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Zang Fu Organ Theory: The Yin/Yang of Your Internal Body

One of the most fascinating aspects of traditional Chinese medicine (TCM) is zang fu organ theory.
You can think of zang fu organ theory as a philosophy of human physiology that’s at least 2,000 years old.

Zang fu organs differ from western anatomical organs

When most people hear the word “organ,” there’s a connotation of a fixed anatomical structure. “The liver,” for example. However, in TCM, the organs aren’t really an anatomical feature. In fact, zang fu organ theory is really more of an abstract concept. And this concept often has little to do with the organs associated with western anatomy and physiology. That’s why you’ll see references to organs in TCM capitalized. This is to distinguish TCM organs from the western concept of organs.

As an example, let’s distinguish between Spleen in TCM and “the” spleen in western anatomy. Spleen in TCM is chiefly responsible for digestion. Whereas the spleen of western medicine has a primary role of filtering blood for the immune system.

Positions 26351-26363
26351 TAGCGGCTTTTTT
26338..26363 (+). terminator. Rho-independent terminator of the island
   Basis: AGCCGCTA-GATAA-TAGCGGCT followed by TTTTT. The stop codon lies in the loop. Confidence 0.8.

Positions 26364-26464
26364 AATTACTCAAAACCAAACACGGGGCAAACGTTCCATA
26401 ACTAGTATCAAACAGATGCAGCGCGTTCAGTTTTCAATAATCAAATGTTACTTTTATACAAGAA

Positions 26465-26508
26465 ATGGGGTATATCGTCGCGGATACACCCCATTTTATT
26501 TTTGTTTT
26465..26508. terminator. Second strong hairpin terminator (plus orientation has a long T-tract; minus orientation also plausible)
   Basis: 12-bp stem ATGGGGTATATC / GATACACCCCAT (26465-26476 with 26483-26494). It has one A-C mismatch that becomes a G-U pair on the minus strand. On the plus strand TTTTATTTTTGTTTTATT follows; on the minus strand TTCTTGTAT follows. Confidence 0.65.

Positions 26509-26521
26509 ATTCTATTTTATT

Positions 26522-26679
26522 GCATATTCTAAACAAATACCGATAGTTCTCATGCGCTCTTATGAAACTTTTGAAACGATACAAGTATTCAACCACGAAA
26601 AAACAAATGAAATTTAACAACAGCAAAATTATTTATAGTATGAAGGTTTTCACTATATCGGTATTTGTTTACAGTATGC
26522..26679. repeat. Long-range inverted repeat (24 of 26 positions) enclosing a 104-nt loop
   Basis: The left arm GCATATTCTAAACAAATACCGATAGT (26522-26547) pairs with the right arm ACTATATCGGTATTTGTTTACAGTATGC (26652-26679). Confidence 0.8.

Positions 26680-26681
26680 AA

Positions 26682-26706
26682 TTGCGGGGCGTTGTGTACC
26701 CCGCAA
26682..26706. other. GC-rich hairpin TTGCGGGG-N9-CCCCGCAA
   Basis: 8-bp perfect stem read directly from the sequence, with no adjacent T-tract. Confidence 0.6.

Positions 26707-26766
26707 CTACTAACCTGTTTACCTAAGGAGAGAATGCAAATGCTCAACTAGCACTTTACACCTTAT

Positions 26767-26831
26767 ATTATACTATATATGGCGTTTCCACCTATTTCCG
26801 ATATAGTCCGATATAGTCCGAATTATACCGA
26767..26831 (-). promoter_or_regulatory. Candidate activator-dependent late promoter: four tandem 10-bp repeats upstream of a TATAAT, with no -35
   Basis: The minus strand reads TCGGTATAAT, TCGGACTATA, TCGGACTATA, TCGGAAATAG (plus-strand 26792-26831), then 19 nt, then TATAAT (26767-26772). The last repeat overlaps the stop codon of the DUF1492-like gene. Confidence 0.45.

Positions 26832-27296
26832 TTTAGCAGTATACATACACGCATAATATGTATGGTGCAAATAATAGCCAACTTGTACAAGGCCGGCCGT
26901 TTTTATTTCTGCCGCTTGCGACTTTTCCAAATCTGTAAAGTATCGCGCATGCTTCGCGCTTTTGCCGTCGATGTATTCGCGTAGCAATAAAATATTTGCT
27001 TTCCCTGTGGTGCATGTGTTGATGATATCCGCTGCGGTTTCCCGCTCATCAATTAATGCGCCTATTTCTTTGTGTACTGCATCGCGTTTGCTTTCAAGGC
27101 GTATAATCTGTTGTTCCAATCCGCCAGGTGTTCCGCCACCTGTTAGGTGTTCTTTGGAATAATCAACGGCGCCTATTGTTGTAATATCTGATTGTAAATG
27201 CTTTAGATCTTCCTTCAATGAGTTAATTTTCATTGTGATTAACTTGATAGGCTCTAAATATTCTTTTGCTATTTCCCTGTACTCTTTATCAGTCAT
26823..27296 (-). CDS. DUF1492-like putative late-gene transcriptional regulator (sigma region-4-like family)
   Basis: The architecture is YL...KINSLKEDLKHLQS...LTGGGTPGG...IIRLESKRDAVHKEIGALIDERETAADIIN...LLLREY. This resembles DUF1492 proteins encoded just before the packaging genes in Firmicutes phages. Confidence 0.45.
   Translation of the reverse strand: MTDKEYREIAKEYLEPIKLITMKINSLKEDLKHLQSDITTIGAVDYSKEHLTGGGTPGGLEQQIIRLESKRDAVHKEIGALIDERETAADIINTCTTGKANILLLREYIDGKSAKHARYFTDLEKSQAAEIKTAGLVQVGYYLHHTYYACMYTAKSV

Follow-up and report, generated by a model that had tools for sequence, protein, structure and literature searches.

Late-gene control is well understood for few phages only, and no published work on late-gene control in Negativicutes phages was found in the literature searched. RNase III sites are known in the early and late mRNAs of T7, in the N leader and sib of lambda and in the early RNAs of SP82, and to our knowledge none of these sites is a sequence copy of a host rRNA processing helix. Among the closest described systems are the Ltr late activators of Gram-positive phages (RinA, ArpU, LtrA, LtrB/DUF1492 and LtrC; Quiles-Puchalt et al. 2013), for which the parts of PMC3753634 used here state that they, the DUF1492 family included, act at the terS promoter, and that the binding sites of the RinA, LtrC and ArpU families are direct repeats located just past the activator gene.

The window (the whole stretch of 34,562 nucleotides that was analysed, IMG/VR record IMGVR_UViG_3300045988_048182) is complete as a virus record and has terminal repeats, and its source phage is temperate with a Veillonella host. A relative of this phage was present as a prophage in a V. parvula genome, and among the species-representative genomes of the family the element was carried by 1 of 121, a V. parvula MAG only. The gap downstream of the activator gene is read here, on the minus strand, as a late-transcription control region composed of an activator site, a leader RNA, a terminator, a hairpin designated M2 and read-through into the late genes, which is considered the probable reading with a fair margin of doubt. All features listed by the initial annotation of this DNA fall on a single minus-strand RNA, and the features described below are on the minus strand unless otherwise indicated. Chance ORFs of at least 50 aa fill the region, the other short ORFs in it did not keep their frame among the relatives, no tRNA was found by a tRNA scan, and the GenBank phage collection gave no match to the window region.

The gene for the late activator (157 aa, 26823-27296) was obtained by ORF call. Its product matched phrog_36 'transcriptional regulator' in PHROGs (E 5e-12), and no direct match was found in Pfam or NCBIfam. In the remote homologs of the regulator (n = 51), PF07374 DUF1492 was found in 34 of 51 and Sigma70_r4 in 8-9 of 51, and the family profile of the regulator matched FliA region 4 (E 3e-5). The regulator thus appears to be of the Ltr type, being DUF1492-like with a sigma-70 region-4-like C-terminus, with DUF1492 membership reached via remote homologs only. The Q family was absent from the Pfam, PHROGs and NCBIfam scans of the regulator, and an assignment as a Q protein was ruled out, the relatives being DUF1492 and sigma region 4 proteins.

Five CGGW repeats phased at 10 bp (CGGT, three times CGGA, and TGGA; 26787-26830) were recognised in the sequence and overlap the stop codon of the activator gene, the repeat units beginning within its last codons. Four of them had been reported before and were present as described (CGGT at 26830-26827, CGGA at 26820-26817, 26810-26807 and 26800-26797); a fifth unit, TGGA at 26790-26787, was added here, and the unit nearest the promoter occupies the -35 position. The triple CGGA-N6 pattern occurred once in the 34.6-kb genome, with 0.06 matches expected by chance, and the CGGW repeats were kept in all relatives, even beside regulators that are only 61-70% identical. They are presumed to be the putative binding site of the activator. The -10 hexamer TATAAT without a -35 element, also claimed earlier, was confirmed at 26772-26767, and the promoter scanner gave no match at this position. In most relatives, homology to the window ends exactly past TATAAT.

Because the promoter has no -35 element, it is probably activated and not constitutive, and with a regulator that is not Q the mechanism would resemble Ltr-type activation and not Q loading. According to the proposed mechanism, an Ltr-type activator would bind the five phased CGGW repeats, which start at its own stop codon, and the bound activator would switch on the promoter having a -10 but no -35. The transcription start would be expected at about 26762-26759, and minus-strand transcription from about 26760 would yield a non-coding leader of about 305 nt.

To be sure, there is some crossover between TCM zang fu organ functionality and western anatomical organ physiology. But Zang fu theory is more holistic than western organ physiology. There’s much more of an emphasis in TCM on how the organs interact with each other. Not to say that zang fu organ theory is superior (or inferior) to western organ physiology; the distinction here is that the two ways of identifying what the organs do are, at times, radically different.

What is Zang Fu Organ Theory?

There are six zang organs and six fu organs. Zang fu organ theory is essentially the Yin-Yang, holistic, interconnected relationship of the organs.

Because the ancient sages of TCM did not, as a routine practice, dissect or conduct invasive internal surgical procedures, the protocol of zang fu organ theory was used as a way of explaining how external signs (a pale face, for example) reveals what’s going on internally (Spleen Qi deficiency, for example).

In short, zang fu organ theory can be summed up as such: the human body is a holistic, integrated microcosm of the universe. And all its tissues and structures are organically connected.

What are the Zang Fu Organs?

According to zang fu organ theory, each organ in TCM has a corresponding meridian. And each zang organ has a corresponding fu organ, and vice versa.

The Yin-Yang pairing of the zang fu organs are (zang organs are listed first):

  • Lung/Large Intestine
  • Spleen/Stomach
  • Liver/Gallbladder
  • Heart/Small Intestine
  • Kidney/Bladder
  • Pericardium/Triple Burner

What do zang organs do?